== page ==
What makes managed code, “managed”? Most people would point to the garbage collector. Automatic memory management makes a tremendous difference in programmer productivity. And when garbage collection improves, all .NET applications benefit. Abhishek Mondal, the program manager for GC on the Common Language Runtime, and Maoni Stephens, the developer for GC on the CLR, authored this article. — Brandon
In this post, we will look at how the CLR garbage collector (GC) has been changed in the .NET Framework 4.5 to meet the needs of large client and server apps. These improvements are in response to requests from developers who use the .NET Framework to build large-scale commercial apps. Some of these customers have already reported significant wins after deploying the .NET Framework 4.5 (currently available as an RC release) into production.
The needs of large-scale apps
Ever since the .NET Framework was introduced, developers have been using this technology to build client and server apps of increasing size and complexity. The larger an app gets, the more resources it will consume, and memory is one of the major resources. For example, some developers have built massive-scale websites and services that are used by millions of end-users. These sites typically need to deliver some combination of high throughput and low latency, and have to provide access to data in huge databases. Each year, the traffic to these sites grows and so does the amount of data they serve up. At the same time, these developers also strive to deliver increasingly better end-user experiences, which are sometimes defined by formal service level agreements (SLA). We have seen similar examples on the client.
Developers adopt new approaches and architectures in their apps to meet the increasing demands of customers. Newer .NET Framework features such as the async pattern can sometimes help. However, developers of large-scale apps have told us that they need changes in the GC to continue to grow the scale of apps effectively, particularly on the server. We have many partners within Microsoft, such as Exchange Server, SQL Server, Bing, Microsoft Dynamics CRM, and SharePoint, who build sites that serve millions of visitors and who have the engineering experience to help validate the changes that we made to the CLR GC. We used the combination of customer requests that we received and the partner experience within Microsoft to determine a set of important improvements in the GC for the .NET Framework 4.5.
We are happy to report that we’ve improved the GC to handle the latest trend of workloads we are seeing, with heap sizes in the tens of gigabytes, running on machines with ever increasing memory and cores, and using configurations such as non-uniform memory access (NUMA).
Key customer scenarios for the .NET Framework 4.5 GC
After we collected feedback from developers and our Microsoft partners, we determined a set of GC improvements that would satisfy a broad set of the requests and that would benefit both server and client apps. I’ve listed the requests below, described in terms of app requirements.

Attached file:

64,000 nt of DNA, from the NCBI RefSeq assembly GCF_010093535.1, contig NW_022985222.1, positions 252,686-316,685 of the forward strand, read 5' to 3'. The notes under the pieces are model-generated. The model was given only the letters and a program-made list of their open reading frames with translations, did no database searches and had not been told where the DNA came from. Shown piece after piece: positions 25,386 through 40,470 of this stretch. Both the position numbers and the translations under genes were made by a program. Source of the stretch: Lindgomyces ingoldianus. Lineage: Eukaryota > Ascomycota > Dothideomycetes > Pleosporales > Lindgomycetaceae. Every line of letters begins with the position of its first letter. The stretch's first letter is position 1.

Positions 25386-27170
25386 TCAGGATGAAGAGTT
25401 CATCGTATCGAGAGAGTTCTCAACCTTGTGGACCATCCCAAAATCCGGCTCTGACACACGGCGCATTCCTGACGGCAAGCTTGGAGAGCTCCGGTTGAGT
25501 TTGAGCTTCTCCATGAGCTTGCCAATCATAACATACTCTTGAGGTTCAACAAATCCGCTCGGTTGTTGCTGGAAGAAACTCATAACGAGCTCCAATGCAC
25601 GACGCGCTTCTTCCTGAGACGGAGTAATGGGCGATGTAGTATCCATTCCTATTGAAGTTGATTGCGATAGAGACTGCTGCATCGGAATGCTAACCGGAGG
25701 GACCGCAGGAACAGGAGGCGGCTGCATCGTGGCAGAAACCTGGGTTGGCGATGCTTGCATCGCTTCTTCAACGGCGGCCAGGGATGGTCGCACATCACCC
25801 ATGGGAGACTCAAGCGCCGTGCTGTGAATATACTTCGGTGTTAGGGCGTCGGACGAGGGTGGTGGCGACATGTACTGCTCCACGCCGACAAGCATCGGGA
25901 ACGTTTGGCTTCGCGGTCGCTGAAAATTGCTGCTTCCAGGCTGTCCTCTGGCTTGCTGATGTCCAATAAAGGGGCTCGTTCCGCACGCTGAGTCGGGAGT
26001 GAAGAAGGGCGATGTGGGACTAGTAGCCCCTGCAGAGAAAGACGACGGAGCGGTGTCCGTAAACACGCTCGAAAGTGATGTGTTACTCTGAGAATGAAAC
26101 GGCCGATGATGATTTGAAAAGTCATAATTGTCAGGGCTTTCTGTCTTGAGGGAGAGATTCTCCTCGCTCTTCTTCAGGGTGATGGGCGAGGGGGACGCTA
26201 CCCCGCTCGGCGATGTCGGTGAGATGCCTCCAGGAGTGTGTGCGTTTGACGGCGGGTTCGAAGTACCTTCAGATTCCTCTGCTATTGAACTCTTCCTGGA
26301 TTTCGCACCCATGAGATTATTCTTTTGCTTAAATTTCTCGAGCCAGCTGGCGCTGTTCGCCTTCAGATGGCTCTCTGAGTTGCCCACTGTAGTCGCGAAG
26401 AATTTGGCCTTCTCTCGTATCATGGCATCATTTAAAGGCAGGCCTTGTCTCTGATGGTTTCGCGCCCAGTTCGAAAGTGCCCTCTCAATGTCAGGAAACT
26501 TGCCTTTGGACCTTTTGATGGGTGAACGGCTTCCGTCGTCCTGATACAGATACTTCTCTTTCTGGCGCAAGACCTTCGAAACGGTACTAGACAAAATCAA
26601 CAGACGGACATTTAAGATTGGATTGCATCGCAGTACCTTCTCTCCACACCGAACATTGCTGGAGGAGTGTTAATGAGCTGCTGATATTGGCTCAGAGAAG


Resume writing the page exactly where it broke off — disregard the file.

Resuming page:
- My app requires shorter pauses.
- My app requires higher throughput.
- My app should scale on modern hardware.
Client and server apps
- My app cannot tolerate pauses during a certain time window.
- The large object heap takes up too much space.
- My app works on large datasets (uses objects> 2 GB).
Beyond addressing these customer requests, we did a lot of work to improve the overall performance of the GC. These improvements should help all apps.
I will now describe how the garbage collector in the .NET Framework 4.5 addresses each of these important scenarios.
My app requires shorter pauses
Developers tell us that they need to deliver timely user experiences, often in terms of an SLA. The longest pauses are due to full blocking GCs. A full blocking GC may cause them to miss their SLA, so reducing this pause can be critical. Before version 4, the .NET Framework provided a concurrent GC mode that performed full GCs concurrently with user code (vs. blocking, which pauses all user threads), thus reducing pause time for full GCs. This mode was available only for workstation GC. In the .NET Framework 4, we delivered an improved version called the background workstation garbage collection, which reduced latency but only benefited client apps. In the .NET Framework 4.5, we have delivered background server garbage collection, which is typically used for server apps. As a result, all apps now have background GC available to them, regardless of which GC they use.
The new background server GC in the .NET Framework 4.5 offloads much of the GC work associated with a full blocking collection to dedicated background GC threads that can run concurrently with user code, resulting in much shorter (less noticeable) pauses. One customer reported a 70% decrease in GC pause times.
You won’t need to change anything to take advantage of background server GC. Like most GC features, it is turned on automatically for all apps.
My app requires higher throughput
If an app triggers many GCs and spends a lot of time in GC, throughput drops noticeably. There are a variety of reasons why an app can trigger many GCs. One of the common cases is imbalanced GC heaps.